The main purpose for having kiosks is to give customers access to the Internet and an alternate way to shop and conduct product research. 56% of retailers in the LakeWest survey let customers use them to place orders online as well as perform tasks like researching product information and checking product availability. LakeWest estimates that kiosks will generate $6.5 billion in sales for multi-channel retailers by 2006.
Store kiosks also offer new ways for customers to interact with salespeople and provide new cross-selling and customer service opportunities. They also free up space on the selling floor and in back-rooms for items that sell best in stores. In addition, kiosks open up ways for merchants to conduct administrative tasks like having job candidates fill out kiosk-based application forms that managers can also access through a web browser.
Although it doesn’t break out kiosk-driven sales, Staples says its kiosks have contributed to an increase in comp store sales, which rose 4% in the first-quarter of this year over Q1 of last year, and 5% in 2003 over 2002. “We are getting more sales from our existing square footage and kiosks are an element of this success,” says Mike Ragunas, vice president of technology strategy and architecture for Staples.
Making a kiosk program work well is not as easy as it looks and some retailers, though highly successful in other ways, have stumbled with kiosks for lack of an effective strategy, experts say. “You have to keep it simple, to let customers know at a glance what it will do for them, keep the kiosks working 100% of the time, and educate employees to let them know that kiosks are not a threat but an adjunct to the sales process,” says Mendelsohn.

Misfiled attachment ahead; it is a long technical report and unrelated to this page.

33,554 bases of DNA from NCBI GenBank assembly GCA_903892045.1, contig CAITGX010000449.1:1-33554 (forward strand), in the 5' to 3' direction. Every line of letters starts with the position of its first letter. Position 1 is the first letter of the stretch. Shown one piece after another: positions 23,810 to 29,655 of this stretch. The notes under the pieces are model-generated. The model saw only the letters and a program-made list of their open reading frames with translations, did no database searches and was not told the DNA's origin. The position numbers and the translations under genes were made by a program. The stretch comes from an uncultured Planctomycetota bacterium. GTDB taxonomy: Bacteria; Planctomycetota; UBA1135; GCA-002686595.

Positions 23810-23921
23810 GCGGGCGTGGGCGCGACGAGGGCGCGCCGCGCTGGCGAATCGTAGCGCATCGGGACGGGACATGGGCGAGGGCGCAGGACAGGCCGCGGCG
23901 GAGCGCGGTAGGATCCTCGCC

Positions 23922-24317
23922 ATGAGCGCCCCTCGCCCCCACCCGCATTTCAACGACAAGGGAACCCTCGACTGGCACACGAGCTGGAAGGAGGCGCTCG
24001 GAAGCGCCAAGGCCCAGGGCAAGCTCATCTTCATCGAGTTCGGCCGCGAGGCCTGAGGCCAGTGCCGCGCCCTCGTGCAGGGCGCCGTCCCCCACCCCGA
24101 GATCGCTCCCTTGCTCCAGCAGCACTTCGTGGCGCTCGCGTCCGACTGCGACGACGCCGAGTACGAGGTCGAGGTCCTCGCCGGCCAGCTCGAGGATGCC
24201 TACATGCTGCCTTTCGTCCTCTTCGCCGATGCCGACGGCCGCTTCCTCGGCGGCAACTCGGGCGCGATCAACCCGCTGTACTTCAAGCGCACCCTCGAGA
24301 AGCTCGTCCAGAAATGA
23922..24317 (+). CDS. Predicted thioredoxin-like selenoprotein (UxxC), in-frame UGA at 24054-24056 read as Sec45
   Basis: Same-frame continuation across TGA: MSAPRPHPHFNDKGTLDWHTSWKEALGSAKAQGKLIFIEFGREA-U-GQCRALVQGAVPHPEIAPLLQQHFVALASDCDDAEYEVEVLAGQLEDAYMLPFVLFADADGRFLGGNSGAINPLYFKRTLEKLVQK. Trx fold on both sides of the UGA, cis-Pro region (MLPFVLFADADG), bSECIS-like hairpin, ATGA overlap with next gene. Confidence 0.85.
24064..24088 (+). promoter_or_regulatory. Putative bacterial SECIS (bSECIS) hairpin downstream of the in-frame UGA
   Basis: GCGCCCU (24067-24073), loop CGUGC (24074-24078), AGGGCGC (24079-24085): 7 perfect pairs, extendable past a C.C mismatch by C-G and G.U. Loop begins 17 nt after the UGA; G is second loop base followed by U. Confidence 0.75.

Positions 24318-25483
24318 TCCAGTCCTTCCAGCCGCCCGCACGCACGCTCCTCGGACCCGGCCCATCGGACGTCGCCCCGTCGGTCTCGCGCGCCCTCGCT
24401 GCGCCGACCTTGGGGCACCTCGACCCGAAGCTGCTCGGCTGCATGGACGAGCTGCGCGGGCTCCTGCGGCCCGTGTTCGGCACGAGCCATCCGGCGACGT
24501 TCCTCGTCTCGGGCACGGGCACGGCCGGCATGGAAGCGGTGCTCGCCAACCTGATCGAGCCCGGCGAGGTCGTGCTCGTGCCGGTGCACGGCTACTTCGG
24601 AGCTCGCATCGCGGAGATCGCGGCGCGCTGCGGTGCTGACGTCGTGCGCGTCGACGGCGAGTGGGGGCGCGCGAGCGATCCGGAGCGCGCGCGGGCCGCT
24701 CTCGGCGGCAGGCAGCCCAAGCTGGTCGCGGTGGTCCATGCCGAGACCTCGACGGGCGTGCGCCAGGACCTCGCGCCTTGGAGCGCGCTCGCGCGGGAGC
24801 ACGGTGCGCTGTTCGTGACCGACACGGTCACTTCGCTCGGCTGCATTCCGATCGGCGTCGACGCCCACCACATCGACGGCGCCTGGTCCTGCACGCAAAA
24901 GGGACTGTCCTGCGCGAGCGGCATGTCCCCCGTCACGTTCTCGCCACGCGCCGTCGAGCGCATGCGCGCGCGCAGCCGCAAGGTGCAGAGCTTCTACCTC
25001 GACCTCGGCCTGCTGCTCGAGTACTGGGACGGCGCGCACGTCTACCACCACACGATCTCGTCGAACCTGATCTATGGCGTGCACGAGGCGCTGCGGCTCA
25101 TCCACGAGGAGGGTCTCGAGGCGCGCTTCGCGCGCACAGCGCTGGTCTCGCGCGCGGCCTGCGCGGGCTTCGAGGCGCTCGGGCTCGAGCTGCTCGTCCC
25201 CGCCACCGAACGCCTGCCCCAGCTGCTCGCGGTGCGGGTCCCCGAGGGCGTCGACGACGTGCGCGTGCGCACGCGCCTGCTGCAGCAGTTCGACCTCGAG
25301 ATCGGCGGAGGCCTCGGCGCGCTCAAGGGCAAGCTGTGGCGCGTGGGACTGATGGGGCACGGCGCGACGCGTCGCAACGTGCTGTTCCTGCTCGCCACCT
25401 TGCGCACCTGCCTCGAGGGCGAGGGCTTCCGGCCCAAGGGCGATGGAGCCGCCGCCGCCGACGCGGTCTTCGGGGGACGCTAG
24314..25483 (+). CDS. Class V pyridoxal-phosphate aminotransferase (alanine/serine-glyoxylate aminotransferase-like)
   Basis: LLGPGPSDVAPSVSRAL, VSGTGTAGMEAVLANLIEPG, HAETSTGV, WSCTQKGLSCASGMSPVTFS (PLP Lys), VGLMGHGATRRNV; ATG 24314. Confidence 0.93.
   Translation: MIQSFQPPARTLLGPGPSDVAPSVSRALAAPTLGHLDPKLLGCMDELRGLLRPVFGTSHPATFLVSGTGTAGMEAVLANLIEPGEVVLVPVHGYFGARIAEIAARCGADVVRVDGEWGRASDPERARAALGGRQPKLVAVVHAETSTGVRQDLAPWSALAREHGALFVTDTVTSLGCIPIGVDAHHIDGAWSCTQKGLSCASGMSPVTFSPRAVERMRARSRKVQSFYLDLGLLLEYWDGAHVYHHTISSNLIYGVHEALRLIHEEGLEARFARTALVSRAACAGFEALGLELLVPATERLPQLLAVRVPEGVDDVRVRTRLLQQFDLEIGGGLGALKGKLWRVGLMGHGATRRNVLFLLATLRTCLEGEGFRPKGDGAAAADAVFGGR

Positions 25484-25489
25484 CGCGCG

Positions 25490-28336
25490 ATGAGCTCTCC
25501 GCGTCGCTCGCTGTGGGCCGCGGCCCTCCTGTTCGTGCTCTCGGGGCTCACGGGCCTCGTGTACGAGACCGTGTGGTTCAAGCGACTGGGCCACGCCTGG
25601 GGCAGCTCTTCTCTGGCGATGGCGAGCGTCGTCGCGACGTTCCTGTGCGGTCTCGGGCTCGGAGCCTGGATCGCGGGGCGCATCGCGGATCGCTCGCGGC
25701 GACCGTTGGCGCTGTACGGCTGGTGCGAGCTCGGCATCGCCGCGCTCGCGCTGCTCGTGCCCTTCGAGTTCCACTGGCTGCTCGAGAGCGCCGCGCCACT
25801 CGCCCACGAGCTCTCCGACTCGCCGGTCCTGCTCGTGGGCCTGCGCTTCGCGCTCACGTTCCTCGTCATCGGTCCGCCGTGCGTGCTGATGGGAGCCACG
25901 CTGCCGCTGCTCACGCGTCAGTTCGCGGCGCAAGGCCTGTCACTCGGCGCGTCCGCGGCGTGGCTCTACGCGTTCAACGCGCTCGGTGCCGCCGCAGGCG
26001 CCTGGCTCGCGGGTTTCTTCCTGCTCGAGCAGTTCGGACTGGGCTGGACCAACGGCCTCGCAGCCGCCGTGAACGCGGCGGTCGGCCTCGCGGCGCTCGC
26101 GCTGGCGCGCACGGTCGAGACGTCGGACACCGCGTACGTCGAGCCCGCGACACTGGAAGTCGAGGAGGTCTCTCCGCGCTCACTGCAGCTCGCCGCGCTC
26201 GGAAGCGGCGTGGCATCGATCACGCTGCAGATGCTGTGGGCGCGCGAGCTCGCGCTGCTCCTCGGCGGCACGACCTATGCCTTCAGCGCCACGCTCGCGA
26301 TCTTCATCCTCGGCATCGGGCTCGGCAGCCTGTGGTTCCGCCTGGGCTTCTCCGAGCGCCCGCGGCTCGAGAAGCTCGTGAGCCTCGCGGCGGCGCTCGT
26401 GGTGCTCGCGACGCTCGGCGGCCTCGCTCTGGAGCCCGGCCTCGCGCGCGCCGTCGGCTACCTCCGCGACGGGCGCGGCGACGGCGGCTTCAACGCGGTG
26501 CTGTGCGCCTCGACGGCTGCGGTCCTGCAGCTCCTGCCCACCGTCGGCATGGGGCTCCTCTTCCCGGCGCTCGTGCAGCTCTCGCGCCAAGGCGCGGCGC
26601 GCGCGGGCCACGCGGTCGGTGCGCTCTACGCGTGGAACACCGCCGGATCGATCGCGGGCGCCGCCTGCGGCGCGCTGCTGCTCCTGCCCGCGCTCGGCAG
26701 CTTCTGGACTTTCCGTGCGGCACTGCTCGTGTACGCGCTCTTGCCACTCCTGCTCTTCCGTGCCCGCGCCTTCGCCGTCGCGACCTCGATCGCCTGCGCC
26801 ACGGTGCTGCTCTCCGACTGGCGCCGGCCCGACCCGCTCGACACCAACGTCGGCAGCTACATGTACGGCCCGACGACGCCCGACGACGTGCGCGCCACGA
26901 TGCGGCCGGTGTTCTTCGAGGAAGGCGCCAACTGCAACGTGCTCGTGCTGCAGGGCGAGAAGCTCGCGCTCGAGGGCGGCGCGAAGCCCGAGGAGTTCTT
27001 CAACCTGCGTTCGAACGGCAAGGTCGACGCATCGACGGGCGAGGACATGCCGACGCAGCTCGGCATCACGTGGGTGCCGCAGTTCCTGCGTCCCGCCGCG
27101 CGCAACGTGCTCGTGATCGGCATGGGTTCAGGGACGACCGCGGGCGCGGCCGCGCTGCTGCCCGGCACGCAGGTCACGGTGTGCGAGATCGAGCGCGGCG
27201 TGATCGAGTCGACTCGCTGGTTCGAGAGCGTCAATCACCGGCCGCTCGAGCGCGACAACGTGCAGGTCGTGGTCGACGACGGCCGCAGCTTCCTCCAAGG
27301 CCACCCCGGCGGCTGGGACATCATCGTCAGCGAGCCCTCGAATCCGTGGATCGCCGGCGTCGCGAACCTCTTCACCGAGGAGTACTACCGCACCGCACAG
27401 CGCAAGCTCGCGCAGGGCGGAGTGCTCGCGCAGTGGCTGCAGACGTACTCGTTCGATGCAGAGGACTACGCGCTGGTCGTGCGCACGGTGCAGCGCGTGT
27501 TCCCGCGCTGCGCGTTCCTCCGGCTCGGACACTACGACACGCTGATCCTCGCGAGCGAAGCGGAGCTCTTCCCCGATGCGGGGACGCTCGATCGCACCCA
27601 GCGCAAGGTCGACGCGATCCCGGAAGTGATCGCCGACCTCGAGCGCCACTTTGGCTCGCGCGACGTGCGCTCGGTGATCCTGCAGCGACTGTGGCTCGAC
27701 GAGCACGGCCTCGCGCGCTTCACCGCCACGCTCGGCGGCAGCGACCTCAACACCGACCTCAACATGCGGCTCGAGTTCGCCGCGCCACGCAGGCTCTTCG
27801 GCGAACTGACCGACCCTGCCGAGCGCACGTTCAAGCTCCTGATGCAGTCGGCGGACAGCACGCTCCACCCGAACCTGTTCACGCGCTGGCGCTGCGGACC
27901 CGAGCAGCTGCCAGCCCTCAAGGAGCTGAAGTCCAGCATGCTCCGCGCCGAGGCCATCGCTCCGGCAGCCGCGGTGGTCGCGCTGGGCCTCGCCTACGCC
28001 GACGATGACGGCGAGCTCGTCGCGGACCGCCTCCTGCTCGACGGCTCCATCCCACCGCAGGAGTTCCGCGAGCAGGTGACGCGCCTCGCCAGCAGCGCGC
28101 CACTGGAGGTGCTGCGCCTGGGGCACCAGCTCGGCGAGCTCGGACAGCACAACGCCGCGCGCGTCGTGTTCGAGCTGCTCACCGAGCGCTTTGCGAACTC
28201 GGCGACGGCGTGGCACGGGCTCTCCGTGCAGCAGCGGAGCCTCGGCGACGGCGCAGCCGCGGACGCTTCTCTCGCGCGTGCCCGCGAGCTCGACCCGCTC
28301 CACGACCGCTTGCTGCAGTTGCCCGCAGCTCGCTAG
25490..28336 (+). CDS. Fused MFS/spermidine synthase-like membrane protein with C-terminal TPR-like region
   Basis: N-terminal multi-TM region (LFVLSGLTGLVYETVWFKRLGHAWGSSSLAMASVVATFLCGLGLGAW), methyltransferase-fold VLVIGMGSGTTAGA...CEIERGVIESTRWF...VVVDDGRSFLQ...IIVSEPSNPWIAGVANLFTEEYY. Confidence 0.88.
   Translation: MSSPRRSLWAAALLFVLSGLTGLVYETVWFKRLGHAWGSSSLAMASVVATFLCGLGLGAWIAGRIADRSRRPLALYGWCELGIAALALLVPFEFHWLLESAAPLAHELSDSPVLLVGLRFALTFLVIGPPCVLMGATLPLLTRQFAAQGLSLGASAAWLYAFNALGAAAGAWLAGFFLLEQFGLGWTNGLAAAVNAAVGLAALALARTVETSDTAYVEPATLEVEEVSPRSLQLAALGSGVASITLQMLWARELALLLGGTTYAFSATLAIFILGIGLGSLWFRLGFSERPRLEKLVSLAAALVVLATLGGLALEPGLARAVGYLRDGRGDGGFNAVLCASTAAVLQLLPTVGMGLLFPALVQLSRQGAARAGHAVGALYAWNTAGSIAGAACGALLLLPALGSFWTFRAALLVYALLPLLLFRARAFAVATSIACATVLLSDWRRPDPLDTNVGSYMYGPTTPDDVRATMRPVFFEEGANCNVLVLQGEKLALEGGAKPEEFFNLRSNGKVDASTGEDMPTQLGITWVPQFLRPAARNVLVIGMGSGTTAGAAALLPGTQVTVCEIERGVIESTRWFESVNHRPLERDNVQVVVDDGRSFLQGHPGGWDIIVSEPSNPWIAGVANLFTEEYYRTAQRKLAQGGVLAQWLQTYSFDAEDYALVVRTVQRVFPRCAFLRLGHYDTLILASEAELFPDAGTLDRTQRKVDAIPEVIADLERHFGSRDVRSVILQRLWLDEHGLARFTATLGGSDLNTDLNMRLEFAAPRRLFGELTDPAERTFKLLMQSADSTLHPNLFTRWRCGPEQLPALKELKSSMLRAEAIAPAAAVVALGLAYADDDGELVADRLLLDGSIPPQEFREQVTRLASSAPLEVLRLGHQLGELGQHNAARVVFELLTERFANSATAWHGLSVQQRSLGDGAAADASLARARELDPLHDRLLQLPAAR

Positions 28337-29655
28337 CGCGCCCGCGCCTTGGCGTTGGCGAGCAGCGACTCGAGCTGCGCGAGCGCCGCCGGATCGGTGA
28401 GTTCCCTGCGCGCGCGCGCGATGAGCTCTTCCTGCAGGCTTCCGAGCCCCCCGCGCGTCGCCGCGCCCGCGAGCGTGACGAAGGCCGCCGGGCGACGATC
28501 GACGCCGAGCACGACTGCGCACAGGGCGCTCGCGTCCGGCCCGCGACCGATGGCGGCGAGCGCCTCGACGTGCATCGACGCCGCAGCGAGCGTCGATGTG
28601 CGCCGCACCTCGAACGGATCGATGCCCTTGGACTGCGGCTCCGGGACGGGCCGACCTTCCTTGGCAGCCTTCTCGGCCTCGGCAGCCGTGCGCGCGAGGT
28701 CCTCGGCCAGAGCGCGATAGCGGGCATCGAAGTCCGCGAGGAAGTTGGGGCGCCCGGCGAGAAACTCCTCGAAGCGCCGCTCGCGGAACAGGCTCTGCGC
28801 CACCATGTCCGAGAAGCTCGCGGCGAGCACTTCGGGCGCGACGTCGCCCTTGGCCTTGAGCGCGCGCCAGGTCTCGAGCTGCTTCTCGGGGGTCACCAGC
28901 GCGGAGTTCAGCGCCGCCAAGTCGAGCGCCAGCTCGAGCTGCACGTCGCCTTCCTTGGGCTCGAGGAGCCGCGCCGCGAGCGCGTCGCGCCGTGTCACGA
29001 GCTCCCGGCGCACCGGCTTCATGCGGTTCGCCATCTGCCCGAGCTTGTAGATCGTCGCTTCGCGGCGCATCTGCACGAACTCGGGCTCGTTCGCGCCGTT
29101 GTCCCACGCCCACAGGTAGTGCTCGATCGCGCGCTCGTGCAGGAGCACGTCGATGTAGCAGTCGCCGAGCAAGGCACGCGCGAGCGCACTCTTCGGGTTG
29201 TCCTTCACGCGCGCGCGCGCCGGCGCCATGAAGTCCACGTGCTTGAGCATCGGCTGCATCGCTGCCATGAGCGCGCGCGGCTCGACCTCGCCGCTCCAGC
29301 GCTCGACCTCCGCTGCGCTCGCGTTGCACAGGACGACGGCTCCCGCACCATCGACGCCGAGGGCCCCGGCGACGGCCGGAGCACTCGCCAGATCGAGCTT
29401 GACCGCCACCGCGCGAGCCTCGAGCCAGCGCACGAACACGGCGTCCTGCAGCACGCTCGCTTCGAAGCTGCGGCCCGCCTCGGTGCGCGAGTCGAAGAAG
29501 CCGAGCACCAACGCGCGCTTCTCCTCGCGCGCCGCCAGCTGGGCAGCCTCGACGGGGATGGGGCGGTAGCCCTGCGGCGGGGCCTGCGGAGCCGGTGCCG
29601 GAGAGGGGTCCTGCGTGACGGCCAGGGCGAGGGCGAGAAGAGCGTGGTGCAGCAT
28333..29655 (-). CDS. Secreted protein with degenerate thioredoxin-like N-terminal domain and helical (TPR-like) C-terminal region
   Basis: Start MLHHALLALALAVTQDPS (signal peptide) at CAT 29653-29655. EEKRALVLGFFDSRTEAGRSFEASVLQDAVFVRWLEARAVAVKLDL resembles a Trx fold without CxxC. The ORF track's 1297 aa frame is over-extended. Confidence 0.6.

Staples, she adds, scores highly in these areas. “They’ve involved their employees with kiosks and educated them about the value of kiosks as a sales tool,” she says. “In many cases, kiosks are seen as a self-service threat by employees. But Staples has done a really good job in not falling into that trap.”
Just as important, she adds, Staples has taught its employees to support customers in their use of kiosks. “You have to get buy-in from employees, but you also have to make sure the kiosks don’t become a crutch for employees who think they don’t have to help customers anymore,” she says.
Neutralizing the threat
Mendelsohn notes that when one grocery chain failed to educate employees about the advantages of referring customers to kiosks for ordering additional products and generating incremental sales, workers, who feared losing their jobs to the kiosks, covered the kiosks with bags and “Out of Order” signs. Headquarters managers could tell that the kiosks were still connected to the web, but they didn’t know why they weren’t generating orders. So they concluded customers weren’t interested in using kiosks and canceled the program, Mendelsohn says.
Staples has made employee training a corporate policy focused on engaging customers in the store, Ragunas says. “Our CEO has been very focused on driving a customer interaction model, so every associate is taught to engage every customer that comes into the store,” he says. “It’s reinforced in an ongoing program. Our goal is to interact with each customer at least once when they come into a store.”